Unlock the Hidden Value of Your Data

Stefaan G. Verhulst at the Harvard Business Review: “Twenty years ago, Kevin Rivette and David Kline wrote a book about the hidden value contained within companies’ underutilized patents. These patents, Rivette and Kline argued, represented “Rembrandts in the Attic” (the title of their book). Patents, the authors suggested, shouldn’t be seen merely as passive properties, but as strategic assets — a “new currency” that could be deployed in the quest for competition, brand reputation, and advances in research and development.

We are still living in the knowledge economy, and organizations are still trying to figure out how to unlock under-utilized assets. But the currency has changed: Today’s Rembrandts in the attic are data.

It is widely accepted now that the vast amounts of data that companies generate represents a tremendous repository of potential value. This value is monetary, and also social; it contains terrific potential to impact the public good. But do organizations — and do we as a society — know how to unlock this value? Do we know how to find the insights hidden in our digital attics and use them to improve society and peoples’ lives?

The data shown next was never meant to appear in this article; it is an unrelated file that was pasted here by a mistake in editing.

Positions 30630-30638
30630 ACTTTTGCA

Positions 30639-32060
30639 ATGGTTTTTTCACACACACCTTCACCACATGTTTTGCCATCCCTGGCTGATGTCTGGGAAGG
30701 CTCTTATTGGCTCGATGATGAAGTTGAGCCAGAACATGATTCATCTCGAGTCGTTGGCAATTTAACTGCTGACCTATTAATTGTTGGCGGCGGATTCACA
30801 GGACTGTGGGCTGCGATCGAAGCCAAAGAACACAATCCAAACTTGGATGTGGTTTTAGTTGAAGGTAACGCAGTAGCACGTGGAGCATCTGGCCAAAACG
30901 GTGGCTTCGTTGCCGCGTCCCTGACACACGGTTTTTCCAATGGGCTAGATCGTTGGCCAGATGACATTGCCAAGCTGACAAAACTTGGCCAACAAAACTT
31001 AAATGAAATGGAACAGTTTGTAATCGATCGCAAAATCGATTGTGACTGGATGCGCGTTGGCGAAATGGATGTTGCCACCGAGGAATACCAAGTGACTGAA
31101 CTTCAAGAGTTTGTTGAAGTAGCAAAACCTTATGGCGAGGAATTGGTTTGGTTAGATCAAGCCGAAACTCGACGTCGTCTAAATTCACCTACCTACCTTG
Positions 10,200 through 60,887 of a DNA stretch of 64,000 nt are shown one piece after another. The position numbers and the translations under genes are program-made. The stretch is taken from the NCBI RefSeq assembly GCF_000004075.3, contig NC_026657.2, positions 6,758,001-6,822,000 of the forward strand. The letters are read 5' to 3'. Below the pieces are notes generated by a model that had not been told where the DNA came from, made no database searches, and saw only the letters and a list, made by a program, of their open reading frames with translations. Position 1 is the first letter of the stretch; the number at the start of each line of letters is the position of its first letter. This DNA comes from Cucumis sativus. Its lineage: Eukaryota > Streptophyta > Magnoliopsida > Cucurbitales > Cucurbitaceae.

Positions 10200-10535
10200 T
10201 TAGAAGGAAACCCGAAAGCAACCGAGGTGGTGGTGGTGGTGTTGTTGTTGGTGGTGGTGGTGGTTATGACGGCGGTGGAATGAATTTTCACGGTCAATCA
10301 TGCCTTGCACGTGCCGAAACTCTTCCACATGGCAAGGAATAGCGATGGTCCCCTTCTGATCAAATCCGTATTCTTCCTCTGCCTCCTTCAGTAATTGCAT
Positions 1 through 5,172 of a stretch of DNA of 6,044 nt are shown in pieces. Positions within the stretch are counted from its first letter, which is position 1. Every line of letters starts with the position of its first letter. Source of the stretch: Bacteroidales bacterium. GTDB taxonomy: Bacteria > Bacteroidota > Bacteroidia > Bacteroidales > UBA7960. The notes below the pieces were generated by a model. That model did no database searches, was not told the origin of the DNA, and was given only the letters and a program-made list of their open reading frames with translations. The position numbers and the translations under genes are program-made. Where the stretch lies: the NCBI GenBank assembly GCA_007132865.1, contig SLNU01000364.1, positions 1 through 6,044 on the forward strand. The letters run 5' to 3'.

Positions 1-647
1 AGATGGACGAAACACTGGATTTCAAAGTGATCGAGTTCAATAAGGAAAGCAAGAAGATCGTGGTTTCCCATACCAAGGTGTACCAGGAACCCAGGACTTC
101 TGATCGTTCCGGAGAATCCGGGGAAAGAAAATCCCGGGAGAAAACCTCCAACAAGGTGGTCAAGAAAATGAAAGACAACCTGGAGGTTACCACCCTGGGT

In what follows, I outline four steps that could help organizations maximize their data assets for public good. If there is an overarching theme, it is about the value of re-using data. Recent years have seen a growing open data movement, in which previously siloed government datasets have been made accessible to outside groups. Despite occasional trepidation on the part of data holders, research has consistently shown that such initiatives can be value-enhancing for both data holders and society. The same is true for private sector data assets. Better and more transparent reuse of data is arguably the single most important measure we can take to unleash this dual potential.

To help maximize data for the public good, we need to:

  • Develop methodologies to measure the value of data...
  • Develop structures to incentivize collaboration. ….
  • Encourage data collaboratives. 
  • Identify and nurture data stewards. …(More)”